How To Ground a Turntable

Are you getting annoyed with the humming sound while listening to music? I think your recorder is facing the issue of “ground loop.” You can fix a ground loop by grounding the turntable with or without wire.

You probably won’t realize any immediate difference even after grounding your record player because it takes some time to fix the issue.

What if you are not having such a problem? Do you need to ground your turntable? The answer is yes.

Grounding a turntable is the easiest thing you can learn and do to increase sound quality. So why don’t you learn it?

At the same time, God only knows when a record player would start emitting a humming sound. So, it would be better to take precautions to prevent ground looping issues.

Look closely at why and how exactly you should ground a turntable record player stereo system.

Why Ground A Turntable?

The record players are metal-covered electronic devices. The metal particles carry electricity. When the live wires come into contact with the highly-conductive metal casing, it causes a ground loop.

When it comes to heftier devices, it could even cause a shock when you touch them. You could even get an electric shock when you touch it. Luckily, the ground loop issue ends up with an annoying humming sound for the turntables.

The problem could be worse while your turntable is handling signals from a sensitive cassette. That’s why we suggest grounding the turntable in advance to ensure safety as well as a hum-free music experience all the time.

How to Ground a Record Player? [With or Without Wire]

Materials Needed

  1. The record player ground wire is attached to the device
  2. In case your turntable doesn’t have wire, you will need a 5 feet long grounding wire for a turntable or turntable ground wire alternative, like – any fine insulated, more precisely, 18 to 20 gauge-stranded wires.
  3. The grounding terminal is attached to the amplifier.
  4. A gaffer tape is a replacement if the amplifier doesn’t have a grounding terminal.
  5. Needle nose pliers


Step 1: Turn Off the Power

Before doing anything with an electronic device, you should always turn off the power. Here, the risk of getting an electric shock is low, but you might end up with the symptoms of tinnitus, as a dangerous, loud noise could pop up at any time. So, the first thing you need to do is turn off the amplifier and the turntable.

Step 2: Find the Ground Wire

Most of the modern turntable cables for grounding are green in color. You will find the turntable ground wire beneath the metal chassis.

Step 3: Find the Grounding Terminal

There you may find multiple terminals on the back of the amplifier. Consider the terminal clearly marked with “Ground.” It will probably be an average-quality screw terminal or a metal post with a rigid shaft. Once you’ve reached it, loosen the terminal.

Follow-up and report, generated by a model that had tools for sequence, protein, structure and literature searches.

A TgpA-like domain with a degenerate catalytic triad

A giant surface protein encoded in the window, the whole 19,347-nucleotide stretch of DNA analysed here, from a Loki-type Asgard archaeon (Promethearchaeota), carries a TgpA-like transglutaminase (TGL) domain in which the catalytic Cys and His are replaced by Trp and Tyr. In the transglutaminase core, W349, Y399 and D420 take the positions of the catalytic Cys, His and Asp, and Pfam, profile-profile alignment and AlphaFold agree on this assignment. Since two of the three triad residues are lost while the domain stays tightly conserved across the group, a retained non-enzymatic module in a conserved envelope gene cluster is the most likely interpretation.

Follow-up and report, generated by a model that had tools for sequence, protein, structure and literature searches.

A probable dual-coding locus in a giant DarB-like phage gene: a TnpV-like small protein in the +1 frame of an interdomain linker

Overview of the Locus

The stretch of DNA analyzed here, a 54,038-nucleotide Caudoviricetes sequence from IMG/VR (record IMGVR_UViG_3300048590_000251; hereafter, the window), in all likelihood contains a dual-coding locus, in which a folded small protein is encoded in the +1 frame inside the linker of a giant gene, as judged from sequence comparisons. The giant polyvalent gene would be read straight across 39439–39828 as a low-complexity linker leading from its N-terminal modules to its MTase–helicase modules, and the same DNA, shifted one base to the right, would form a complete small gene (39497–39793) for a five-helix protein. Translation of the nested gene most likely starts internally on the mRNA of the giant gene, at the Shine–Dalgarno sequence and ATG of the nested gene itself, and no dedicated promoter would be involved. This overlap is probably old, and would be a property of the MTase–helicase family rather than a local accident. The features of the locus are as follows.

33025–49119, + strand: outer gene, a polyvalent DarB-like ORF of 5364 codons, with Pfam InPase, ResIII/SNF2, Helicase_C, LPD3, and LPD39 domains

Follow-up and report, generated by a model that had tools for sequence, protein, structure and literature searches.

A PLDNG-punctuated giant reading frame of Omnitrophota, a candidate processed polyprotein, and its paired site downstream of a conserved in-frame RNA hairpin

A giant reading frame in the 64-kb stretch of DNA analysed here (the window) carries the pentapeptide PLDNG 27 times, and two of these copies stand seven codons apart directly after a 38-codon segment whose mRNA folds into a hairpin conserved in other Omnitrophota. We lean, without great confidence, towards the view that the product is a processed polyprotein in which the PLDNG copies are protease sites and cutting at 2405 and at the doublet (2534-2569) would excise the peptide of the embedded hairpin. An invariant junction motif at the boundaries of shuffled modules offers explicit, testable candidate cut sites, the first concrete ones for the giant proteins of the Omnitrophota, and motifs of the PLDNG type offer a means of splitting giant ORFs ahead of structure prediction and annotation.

Step 4: Check the Measurements

Once you’re done with the grounding cable and compatible terminal, ensure the wire actually can reach the terminal and let you move the equipment.

Step 5: Establish a Secure Connection

Take the copper spade connector of the grounding wire; tightly place it on the grounding terminal; ensure the connection is not over-tighten or too loose.

If there is no turntable ground wire at all, you have to make a DIY turntable ground wire on your own. Attach a 5 feet long 18 to 20 gauge stranded wire to the recording player and strip about 6 to 8 mm of the insulation from both ends using the needle-nose pliers.

You’ve to attach one stripped end to the screw beneath the chassis of the amplifier and the other end to the screw of the turntable’s chassis.

If you find there is no grounding terminal, you can connect the phono ground wire to the actual body of the amplifier using gaffer tape. You’ve to stick the connector to the metal box of the amplifier using gaffer tape.

This DIY method will mostly work the same as the grounding wire does being attached to the grounding terminals though we’ve experienced this DIY hack emitted less humming sound than the original grounding wire and terminal connection.

Step 6: Power On

Once you’ve grounded the record player, turn it back on. Now you’re all set to enjoy the hum-free music forever.


The humming sound between your favorite songs or instruments is super annoying. In the case of metal electric devices, the ground loop issue is as constant as it is true that they are not hard to avoid.

Luckily, you’ve reached this guide article, and hopefully, you can understand all the steps and are all set to apply them; that we teach above. So, get ready to eliminate the amplifier hum from the speaker or record player by grounding the equipment.

If you’re still facing any issues or want to ask any related questions, feel free to comment below. We’ll try to reply to you back with the best solution.

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